Saturday, April 30, 2005

Giving the gift of giving

This is my last post from the computer kiosk in San Francisco! I have 25 minutes on my account and I have no more money, so this will be a relative quicky, compared to some of my more recent lengthy posts :-)

Another pitfall to watch out for on the path of service is the propensity to become the kind of person who "only gives." It's sort of an angle on the servant as doormat theme. I used to be this sort of person. I would give and give, but never receive. I was pathologically incapable of receiving, you might say. In my way of thinking at the time, giving was good, and receiving was selfish, so I was more than happy to give and give in this situation and that, but very poor at receiving or asking for help. Chronic givers often align with chronic takers, and the results are often that the giver plays the doormat and becomes resentful and feels used, but this rarely stimulates a shift on the chronic giver's part.

What is at the heart of chronic giving is actually egotism and selfishness, however ironic that may seem. Chronic giving without receiving is actually a means of controlling your relationships, and structuring them in a way that generates an unwarranted, even if unconscious, sense of moral superiority and safety relative to those around you, based on the false assumption that giving is good and receiving is bad.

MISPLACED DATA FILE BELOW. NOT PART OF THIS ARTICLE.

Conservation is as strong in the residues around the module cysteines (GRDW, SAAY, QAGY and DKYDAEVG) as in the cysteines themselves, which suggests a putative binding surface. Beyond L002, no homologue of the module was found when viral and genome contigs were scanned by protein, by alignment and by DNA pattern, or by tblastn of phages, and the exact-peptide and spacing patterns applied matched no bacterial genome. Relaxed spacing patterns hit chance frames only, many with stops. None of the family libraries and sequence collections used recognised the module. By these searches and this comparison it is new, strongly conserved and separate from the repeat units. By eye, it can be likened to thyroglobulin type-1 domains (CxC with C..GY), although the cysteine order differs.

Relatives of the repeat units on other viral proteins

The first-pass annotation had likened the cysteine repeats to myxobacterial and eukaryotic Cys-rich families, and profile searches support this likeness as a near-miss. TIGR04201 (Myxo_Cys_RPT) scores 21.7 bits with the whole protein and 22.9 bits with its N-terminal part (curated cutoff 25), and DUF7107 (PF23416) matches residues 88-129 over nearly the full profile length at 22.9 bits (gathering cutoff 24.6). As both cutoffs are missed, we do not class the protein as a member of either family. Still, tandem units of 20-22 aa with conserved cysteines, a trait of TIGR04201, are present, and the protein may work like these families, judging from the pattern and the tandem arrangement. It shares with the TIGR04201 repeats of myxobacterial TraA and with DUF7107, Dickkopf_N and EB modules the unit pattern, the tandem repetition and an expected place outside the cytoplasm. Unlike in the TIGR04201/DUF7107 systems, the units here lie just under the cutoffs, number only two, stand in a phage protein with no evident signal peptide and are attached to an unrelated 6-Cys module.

The key which unlocked this problem for me and brought it to my awareness was the idea a college friend shared with me. She told me I needed to "give the gift of giving." She was quite the poet :-) When she told me this it struck me like a gong. All along I had been generating my unhappy heroism and my unrewarding "sanctity." Unhappy and unrewarding, that is, because I had really not been doing service from the heart. I was attempting to control how I would be blessed, and structuring my relationships in a manner that generated inequalities: after all, if giving was good and receiving bad, what ultimately did that say about the folks I was giving to? Not very promising! I recognized that I had refused an extremely important gift: my receptivity. By holding back the gift of my receptivity, I refused others in relationship with me the pleasure of serving me, of gifting me, of reciprocating my gifts, of surprising me with their own inspiration to share.

Well, recognize, acknowledge, accept, choose, act. My friend's words were potent medicine, and I've been practicing receptivity ever since!


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